Although new process development may result in alternative techniques for implementation of the starting material modifications of the present invention, chemical vapor deposition (CVD), solgel and polymer pyrolysis techniques, and combustion synthesis processes should be particularly suitable techniques for producing "pristine" GBN/second phase mixtures for subjecting to the HP/HT process disclosed herein.
CVD processes currently are used in a variety of fields as those in the art will appreciate. Commercially, CVD is used to produce pyrolytic boron nitride, for example. In this process, boron trichloride and ammonia gases are allowed to flow through a high temperature furnace where reaction occurs and boron nitride is deposited on suitable substrates yielding large macroscopic pieces. This process can be adapted suitably to the production of the various type of modified starting materials disclosed herein. Introduction of suitable gases during the pyrolytic BN deposition process allows for codeposition of various second phases during the PBN deposition, e.g. introduction of TiCl.sub.4 gas to obtain BN/TiN composites. By alternating the gas flow through the furnace, alternate layer type structures also could be obtained. Since the resulting products are obtained as large pieces, internal purity is maintained prior to HP/HT conversion of the GBN composites to yield CBN based composites. These same processing techniques should be available for deposition of a variety of ceramic and ceramic-forming metals. Further information on CVD codeposition may be found in the following citation: Moore, et al., "Properties and Characterization of Co-deposited Boron Nitride and Carbon Materials", to be published in J. Appl. Phys., June, 1989.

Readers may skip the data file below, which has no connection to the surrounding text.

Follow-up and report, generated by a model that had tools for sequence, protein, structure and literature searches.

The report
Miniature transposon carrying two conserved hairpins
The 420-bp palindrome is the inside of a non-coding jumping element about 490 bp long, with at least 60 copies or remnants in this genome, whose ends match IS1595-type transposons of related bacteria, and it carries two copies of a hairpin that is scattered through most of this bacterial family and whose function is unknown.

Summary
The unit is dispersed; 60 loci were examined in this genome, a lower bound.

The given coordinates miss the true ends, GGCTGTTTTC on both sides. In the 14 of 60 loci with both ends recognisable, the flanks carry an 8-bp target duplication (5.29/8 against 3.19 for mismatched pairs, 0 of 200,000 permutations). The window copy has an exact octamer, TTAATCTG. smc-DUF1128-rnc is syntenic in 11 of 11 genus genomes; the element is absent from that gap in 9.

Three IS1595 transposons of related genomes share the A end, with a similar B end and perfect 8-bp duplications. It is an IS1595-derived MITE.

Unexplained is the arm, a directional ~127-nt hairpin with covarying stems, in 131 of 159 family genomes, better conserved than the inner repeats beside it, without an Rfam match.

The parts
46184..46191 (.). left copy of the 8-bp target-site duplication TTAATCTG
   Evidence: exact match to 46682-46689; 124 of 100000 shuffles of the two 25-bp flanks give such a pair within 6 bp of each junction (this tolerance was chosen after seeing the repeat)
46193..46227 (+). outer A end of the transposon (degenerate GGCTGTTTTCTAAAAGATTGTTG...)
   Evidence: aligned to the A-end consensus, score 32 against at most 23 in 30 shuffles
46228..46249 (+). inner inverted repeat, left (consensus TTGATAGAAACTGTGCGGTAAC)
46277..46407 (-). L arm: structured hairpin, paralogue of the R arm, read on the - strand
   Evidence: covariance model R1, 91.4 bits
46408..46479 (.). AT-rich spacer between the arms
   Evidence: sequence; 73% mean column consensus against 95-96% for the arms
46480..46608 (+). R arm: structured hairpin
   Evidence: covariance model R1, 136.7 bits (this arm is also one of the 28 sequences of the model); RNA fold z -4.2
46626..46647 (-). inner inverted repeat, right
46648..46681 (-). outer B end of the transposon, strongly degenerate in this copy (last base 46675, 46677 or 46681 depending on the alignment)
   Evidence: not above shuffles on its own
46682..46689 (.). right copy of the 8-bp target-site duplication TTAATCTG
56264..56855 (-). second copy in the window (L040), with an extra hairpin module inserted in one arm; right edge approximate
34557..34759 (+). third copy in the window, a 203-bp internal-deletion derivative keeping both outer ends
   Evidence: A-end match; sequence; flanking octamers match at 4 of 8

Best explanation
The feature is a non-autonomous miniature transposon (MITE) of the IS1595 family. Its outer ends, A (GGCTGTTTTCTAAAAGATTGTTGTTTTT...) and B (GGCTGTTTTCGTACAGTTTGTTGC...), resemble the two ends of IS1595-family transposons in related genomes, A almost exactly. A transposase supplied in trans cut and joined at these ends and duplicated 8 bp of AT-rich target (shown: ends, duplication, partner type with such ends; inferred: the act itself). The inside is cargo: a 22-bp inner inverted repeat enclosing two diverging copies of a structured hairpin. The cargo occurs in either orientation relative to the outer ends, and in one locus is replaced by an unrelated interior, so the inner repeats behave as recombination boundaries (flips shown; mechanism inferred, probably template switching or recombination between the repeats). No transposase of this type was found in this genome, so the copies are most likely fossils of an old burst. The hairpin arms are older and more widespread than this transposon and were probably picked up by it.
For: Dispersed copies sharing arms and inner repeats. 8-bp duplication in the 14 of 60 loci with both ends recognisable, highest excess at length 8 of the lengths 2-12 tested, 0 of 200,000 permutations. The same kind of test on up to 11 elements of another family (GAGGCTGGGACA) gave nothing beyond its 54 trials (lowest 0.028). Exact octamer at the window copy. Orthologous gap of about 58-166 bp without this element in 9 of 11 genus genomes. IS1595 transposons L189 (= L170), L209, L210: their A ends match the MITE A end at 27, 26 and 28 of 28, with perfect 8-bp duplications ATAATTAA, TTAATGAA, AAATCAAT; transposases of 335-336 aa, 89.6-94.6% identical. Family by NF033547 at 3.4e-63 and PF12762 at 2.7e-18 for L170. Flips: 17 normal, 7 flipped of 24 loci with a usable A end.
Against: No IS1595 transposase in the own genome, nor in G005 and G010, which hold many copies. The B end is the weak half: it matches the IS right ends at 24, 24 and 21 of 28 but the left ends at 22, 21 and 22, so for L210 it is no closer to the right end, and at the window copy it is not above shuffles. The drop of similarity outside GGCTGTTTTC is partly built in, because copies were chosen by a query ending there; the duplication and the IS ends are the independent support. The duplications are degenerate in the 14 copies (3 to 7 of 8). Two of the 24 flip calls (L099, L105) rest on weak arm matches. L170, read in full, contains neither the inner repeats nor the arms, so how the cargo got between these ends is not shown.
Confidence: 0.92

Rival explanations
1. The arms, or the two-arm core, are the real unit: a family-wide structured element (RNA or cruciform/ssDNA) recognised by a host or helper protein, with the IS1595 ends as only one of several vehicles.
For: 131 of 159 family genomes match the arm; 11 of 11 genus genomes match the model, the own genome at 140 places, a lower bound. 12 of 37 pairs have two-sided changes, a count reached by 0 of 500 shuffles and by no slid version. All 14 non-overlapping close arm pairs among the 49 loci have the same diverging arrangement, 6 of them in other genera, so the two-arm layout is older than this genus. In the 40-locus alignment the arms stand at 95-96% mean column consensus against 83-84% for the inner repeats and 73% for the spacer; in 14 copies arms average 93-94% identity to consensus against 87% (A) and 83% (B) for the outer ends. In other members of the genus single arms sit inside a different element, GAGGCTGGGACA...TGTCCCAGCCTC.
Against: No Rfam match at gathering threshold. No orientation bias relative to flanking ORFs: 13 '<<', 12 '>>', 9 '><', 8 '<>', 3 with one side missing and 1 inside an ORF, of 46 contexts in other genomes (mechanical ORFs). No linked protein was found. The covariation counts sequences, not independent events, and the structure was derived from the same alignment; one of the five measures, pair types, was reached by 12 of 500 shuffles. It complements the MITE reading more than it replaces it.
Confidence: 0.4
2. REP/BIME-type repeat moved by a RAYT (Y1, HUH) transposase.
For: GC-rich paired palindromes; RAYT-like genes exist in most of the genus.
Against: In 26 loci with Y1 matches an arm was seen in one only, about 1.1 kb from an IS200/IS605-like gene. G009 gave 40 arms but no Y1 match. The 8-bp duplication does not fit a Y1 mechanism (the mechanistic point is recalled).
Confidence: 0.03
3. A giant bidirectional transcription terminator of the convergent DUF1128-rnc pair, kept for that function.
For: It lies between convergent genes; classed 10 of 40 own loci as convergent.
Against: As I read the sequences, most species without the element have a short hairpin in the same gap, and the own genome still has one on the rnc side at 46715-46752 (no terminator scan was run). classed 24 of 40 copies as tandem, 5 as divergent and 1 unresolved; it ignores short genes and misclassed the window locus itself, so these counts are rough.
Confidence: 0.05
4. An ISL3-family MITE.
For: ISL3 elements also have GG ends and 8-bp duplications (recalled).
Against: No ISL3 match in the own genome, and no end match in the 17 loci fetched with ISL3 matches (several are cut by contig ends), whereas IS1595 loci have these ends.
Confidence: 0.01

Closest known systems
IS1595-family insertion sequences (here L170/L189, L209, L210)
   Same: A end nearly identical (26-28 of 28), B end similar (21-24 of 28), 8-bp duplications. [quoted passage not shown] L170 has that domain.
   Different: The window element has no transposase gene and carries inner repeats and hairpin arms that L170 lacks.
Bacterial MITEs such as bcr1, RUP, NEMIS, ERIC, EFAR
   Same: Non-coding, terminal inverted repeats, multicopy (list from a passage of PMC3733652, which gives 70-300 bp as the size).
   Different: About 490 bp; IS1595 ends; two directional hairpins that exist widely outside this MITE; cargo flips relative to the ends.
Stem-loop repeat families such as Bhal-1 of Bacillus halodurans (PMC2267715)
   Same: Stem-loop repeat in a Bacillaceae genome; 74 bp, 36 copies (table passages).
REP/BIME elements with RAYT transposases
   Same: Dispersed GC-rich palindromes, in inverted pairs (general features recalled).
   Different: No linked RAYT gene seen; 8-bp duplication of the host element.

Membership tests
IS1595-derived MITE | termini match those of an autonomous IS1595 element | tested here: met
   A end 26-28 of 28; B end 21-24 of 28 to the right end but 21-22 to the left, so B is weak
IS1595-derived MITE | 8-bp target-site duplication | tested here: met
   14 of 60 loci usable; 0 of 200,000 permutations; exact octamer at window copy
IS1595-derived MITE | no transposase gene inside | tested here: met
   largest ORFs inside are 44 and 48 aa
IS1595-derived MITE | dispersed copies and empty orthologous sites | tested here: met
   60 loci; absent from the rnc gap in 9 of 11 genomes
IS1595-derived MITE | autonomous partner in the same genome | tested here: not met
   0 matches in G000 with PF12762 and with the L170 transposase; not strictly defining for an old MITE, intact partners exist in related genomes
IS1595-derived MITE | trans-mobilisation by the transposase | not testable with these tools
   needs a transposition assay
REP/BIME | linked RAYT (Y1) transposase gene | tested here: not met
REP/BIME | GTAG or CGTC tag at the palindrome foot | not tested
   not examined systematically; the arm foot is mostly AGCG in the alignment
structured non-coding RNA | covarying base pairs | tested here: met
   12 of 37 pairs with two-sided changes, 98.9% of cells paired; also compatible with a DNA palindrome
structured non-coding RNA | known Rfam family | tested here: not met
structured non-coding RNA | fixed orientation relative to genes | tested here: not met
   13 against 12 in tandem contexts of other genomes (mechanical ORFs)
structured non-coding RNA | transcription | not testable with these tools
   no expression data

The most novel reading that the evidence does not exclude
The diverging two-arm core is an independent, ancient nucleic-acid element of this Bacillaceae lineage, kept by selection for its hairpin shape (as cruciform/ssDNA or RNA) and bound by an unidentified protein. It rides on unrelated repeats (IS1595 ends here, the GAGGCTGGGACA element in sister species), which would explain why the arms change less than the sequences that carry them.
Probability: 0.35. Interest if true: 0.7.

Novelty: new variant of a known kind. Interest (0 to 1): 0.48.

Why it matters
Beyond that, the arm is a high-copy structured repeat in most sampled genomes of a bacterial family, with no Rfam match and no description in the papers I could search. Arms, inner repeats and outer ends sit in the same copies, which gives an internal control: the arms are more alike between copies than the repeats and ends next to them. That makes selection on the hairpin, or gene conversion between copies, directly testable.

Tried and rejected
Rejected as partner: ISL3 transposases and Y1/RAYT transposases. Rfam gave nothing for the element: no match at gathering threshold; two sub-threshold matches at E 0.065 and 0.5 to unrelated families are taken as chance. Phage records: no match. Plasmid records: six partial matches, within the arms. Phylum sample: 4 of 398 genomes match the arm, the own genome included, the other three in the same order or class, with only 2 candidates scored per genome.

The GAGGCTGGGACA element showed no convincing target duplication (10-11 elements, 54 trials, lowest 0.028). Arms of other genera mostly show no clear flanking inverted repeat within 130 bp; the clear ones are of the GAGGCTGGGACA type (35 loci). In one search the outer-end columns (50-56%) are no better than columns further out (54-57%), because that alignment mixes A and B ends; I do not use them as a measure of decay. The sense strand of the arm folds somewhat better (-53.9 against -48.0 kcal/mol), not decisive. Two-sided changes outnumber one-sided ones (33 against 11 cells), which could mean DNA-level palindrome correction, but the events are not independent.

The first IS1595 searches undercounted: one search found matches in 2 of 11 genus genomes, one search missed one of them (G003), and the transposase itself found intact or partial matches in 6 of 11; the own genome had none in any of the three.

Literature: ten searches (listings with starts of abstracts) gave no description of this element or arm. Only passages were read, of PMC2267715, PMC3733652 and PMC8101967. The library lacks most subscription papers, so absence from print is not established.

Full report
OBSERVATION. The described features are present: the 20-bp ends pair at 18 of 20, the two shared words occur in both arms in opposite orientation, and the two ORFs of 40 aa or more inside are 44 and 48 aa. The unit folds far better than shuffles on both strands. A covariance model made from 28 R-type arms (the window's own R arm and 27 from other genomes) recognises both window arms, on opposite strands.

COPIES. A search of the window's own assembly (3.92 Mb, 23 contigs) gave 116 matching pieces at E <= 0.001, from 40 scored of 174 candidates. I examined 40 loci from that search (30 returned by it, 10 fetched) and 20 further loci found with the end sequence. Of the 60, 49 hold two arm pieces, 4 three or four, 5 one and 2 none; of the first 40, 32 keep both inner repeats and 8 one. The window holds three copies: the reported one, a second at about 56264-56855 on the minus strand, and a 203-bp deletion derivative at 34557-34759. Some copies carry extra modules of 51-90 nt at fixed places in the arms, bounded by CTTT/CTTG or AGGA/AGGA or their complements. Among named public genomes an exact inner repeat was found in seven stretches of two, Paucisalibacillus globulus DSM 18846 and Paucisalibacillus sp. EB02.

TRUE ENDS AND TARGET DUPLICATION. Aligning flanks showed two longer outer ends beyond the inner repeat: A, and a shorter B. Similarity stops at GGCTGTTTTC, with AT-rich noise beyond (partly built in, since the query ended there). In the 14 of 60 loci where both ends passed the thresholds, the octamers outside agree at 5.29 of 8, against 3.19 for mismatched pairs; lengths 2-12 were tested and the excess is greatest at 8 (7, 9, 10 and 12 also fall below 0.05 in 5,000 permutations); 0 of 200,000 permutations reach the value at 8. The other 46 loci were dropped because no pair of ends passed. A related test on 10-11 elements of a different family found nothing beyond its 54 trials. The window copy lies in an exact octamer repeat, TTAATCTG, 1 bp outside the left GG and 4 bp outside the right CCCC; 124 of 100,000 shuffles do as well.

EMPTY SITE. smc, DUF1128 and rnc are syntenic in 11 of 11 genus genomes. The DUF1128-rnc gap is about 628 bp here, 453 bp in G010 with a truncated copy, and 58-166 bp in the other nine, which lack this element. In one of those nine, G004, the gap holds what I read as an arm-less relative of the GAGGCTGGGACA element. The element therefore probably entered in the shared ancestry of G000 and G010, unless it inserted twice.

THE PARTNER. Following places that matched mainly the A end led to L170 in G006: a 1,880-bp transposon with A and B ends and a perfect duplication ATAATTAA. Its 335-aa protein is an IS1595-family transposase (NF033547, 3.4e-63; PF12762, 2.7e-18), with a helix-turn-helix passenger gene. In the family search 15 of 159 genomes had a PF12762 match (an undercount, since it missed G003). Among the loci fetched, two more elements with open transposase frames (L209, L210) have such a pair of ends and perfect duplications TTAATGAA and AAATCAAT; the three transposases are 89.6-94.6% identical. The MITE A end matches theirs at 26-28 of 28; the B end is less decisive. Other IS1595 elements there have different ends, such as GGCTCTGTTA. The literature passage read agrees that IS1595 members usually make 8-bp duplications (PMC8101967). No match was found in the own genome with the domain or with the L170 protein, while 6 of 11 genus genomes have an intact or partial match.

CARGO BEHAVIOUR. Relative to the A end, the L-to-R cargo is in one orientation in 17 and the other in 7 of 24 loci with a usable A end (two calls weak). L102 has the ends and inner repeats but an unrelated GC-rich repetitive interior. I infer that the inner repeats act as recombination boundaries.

It should be possible to disperse secondary phases in low pressure boron nitride during preparation by solgel techniques to form BN/secondary phase mixes for subsequent use as a starting material for the HP/HT preparation of CBN conjoint masses. The dispersion would comprise composite-forming materials (i.e., TiN, TiC, or the like) for preparing CBN based composites. Since the solgel method for preparing BN starts with a liquid, incorporation of a second phase during solgel processing will allow obtaining extremely good homogeneity of fine powder mixtures with BN which is difficult to accomplish by mixing of BN in secondary phase powders, for example. The solgel prepared mixtures would yield more uniformly dispersed and finer particle mixtures as starting materials for CBN production processes in accordance with the present invention and allow preparation of improved homogeneity of fine grain CBN composites. Further on solgel techniques can be found in Narula, "Precursors to Boron-Nitrogen Macromolecules and Ceramics", Mat. Res. Soc. Symp. Proc., vol. 73, 383, Materials Research Society (1986) and Research and Development, Dec. 1987, p. 49.